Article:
But also under strain. Exasperation at not being able to speak about it at your own pace as a result of the external pressure. Frustration at not being given a chance to speak about it at your own pace. Unjust for not expressing it when you were ready, to the individuals you really wanted to open yourself to. Wronged, since you’re probably being blackmailed for being the way you are, and you do not even have an opportunity to express your feelings.
Do we put pressure on members of the community to reveal their sexual orientations when they choose to stay private? Coming out has become so celebrated that people are expected to “come out” if they are members of the LGBTQ+ community. Maybe, it’s not even their decision.
In 2006, actor Neil Patrick Harris was forced to “come out” through his statement to People magazine saying, “Rather than ignore those who choose to publish their opinions without actually talking to me, I am happy to dispel any rumors or misconceptions and am quite proud to say that I am a very content gay man living my life to the fullest and feel most fortunate to be working with wonderful people in the business I love.” This happened when blogger Perez Hilton ruthlessly revealed Harris’s sexual identity without his knowledge, pressuring Harris to give an answer.
Although the LGBTQ+ community has received a lot of support compared to a few decades ago, it is still important to address the prejudices that exist. We need to normalize the fact that a person does not need to seek approval to live their lives the way they wish to. Hence, a person does not need to come out to anyone unless it’s their choice.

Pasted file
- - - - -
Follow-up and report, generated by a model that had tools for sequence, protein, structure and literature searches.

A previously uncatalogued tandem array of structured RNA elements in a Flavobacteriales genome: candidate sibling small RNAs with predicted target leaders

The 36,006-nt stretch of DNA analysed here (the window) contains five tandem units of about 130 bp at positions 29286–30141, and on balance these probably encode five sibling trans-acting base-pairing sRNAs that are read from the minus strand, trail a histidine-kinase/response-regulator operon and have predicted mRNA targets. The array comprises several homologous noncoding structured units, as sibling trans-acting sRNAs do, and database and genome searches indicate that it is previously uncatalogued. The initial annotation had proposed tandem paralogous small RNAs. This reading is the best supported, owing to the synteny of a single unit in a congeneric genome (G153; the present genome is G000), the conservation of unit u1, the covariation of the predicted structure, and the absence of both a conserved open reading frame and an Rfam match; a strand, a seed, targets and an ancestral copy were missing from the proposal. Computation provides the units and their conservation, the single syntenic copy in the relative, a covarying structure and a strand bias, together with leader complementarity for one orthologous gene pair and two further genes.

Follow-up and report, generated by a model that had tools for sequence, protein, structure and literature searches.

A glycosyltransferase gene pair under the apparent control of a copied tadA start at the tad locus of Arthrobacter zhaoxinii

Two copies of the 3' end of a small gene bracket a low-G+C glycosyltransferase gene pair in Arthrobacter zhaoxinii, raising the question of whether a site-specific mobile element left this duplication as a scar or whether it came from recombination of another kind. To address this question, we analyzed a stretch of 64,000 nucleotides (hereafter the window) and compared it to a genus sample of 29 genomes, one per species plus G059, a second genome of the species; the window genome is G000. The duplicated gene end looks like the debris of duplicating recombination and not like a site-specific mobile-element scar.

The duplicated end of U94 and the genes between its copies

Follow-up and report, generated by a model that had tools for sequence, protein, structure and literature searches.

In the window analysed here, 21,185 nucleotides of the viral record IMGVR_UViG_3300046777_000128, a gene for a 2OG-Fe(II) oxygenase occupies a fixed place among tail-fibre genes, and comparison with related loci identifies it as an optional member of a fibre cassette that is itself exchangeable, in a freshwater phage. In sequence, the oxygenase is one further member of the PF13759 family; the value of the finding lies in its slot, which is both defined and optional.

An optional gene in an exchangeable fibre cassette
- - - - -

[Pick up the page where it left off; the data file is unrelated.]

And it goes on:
Coming to the trendy aspect of this phenomenon, it is a two-sided coin. The ‘privileged’ might identify as members of the suppressed and minority for attention or sympathy. But on the other hand, they could also associate themselves as members for showing their support towards the society.
But why is it trendy? Probably because it is less stigmatized. No one wants to be labeled as ‘uncool’ or ‘old school.’
This urge for ‘coolness’ has actually led to some great developments. The open conversation on the LGBTQ community by celebrities and activists has compelled fans and volunteers to read and know more about them. To some extent, in order to not be termed as homophobic, people are genuinely trying to broaden their minds from the conventional teachings they’ve had. The problem is when this goes out of hand. Diverting attention towards themselves is disrespectful to all of us as a society. Intolerance towards the LGBTQ group is an issue we have been tackling for centuries. When people ‘come out’ just for the heck of it, for superficial reasons such as attention and popularity, it undermines the bigger picture. So, with the information we are provided with, we have a certain responsibility to respect it and put in that extra effort to differentiate between right and wrong, ignorant and sensitive.
Change is unavoidable, and we see growth with each passing generation as each fresh thread is weaved into a tapestry of new ideas. And there is hope, if not for an imminent transformation. And, in order to do so, we must ensure that preconceptions and insecurities do not germinate in young minds, for which we will be held accountable in the future.
Written by: Samiksha